(Host) The fight over a new highway planned for Chittenden County has moved to the state Water Resources Board. Two environmental groups oppose the 16-mile Circumferential Highway and they’ve appealed state storm water permits for the project. The first legal skirmish was over whether the groups have the legal right to appeal.
VPR’s John Dillon reports:
(Dillon) The Conservation Law Foundation and Friends of the Earth say the dirty runoff from the new highway will pollute nearby streams and Lake Champlain. They say the pollution shouldn’t be allowed because that part of the lake already fails state water quality standards.
But before those issues get heard, CLF and Friends of the Earth first have to clear a legal hurdle. Lawyers for the state and a Burlington business group want the two groups kicked out of the case. They argue that CLF and Friends of the Earth don’t have the legal right to appeal. Lawyer Dale Rocheleau represents the Greater Burlington Industrial Corporation.
(Rocheleau) “Our Vermont tradition of allowing interested persons to participate in the permit process has been abused by the intervention of such out-of-state special interest groups that have no legal standing. They offer the illusion of Vermont purpose and Vermont members. However, when you drill down into the corporate documents, the governing corporate documents, they fail to satisfy the minimum requirements of standing.”
(Dillon) Rocheleau says that the environmental groups have failed to show how their members would be hurt by the potential pollution. But his argument drew some strong questions from Board Chairman David Blythe:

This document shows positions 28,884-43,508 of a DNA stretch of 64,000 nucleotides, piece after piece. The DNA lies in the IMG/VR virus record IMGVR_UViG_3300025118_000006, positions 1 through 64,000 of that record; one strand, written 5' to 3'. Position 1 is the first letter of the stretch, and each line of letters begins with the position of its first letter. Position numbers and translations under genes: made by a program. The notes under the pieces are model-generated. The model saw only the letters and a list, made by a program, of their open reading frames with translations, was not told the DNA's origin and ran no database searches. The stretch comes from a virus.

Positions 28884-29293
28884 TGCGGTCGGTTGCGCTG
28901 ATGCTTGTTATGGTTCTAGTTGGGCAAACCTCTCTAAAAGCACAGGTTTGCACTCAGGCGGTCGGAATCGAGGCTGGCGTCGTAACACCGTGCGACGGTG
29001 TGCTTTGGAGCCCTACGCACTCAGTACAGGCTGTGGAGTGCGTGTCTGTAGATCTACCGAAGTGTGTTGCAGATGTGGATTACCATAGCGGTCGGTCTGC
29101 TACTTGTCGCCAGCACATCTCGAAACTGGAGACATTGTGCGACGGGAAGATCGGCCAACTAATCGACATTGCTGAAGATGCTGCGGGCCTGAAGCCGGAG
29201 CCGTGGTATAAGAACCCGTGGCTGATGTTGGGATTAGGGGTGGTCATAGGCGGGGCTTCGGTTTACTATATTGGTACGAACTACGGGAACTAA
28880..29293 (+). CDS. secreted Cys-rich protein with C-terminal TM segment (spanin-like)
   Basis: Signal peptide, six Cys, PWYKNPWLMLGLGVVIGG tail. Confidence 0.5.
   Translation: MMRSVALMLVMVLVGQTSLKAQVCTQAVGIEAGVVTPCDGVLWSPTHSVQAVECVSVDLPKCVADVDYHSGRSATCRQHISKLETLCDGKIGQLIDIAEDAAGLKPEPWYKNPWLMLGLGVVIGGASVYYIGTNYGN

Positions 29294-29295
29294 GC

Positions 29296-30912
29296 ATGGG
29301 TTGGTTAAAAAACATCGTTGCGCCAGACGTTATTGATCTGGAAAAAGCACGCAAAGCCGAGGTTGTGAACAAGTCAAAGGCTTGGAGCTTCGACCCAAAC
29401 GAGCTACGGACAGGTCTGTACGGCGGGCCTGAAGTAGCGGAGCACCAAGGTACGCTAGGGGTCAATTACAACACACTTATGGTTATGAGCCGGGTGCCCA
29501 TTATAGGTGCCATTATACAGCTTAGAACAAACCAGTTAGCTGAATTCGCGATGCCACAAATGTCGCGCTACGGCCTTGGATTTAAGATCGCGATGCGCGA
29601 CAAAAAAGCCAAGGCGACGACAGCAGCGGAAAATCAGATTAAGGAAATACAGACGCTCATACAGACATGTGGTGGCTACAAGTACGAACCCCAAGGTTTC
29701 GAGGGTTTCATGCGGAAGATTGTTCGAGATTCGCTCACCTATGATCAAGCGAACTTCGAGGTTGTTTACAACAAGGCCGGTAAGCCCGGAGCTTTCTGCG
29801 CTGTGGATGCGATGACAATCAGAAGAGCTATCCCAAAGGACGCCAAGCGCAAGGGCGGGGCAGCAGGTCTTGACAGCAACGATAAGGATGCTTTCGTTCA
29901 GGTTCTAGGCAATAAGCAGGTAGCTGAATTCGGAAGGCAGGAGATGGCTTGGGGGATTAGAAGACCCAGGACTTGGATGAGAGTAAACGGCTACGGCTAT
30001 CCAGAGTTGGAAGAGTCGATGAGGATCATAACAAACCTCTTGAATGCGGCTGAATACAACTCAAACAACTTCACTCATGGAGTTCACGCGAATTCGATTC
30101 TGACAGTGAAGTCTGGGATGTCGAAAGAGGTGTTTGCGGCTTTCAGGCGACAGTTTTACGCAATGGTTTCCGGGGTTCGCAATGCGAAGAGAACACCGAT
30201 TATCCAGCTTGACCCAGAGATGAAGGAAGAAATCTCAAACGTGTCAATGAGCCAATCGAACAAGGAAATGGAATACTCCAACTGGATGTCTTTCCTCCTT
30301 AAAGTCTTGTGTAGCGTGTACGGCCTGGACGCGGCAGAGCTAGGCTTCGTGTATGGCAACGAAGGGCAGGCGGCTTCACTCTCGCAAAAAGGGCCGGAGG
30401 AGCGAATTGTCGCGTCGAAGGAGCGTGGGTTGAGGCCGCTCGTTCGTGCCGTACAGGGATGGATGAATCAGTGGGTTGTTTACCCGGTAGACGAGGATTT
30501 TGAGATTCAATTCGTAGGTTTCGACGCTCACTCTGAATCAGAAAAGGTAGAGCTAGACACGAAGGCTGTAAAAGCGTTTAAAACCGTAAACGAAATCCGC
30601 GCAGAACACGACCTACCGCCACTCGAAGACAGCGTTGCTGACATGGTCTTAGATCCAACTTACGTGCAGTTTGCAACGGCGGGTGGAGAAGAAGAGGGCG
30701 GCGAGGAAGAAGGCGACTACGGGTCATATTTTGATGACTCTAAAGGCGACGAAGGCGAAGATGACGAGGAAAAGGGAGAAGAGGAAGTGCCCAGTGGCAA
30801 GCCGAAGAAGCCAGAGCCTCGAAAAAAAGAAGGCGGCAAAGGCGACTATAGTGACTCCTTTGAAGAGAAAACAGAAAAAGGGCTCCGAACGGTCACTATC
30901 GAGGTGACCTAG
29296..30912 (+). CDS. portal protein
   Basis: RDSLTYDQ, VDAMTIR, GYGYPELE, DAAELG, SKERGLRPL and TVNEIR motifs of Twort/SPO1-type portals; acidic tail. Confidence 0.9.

(Blythe) “It seems that both the agency and GBIC are setting the bar so high, that an independent advocacy group – unless it can show a photograph of one of its members standing knee deep in the water resource – it sounds like you would preclude that organization from participating in appeals of this sort.”
(Dillon) Mark Sinclair of the Conservation Law Foundation says his members are directly affected, since they use the lake and the streams that could be polluted. Sinclair says his opponents have misinterpreted the case law on the issue:
(Sinclair) “Under GBIC’s argument, very few environmental organizations would ever be able to bring an appeal before this board. In fact, no regional or national environmental groups would be able to bring appeals of storm water permits before this board, unless in their corporate documents they ticked off every possible river in Vermont they might try to protect in litigation. It’s a ridiculous argument and it’s not based on standing precedent.”
(Dillon) The Water Resources Board is expected to rule on the issue in about three weeks.
For Vermont Public Radio, I’m John Dillon in Montpelier.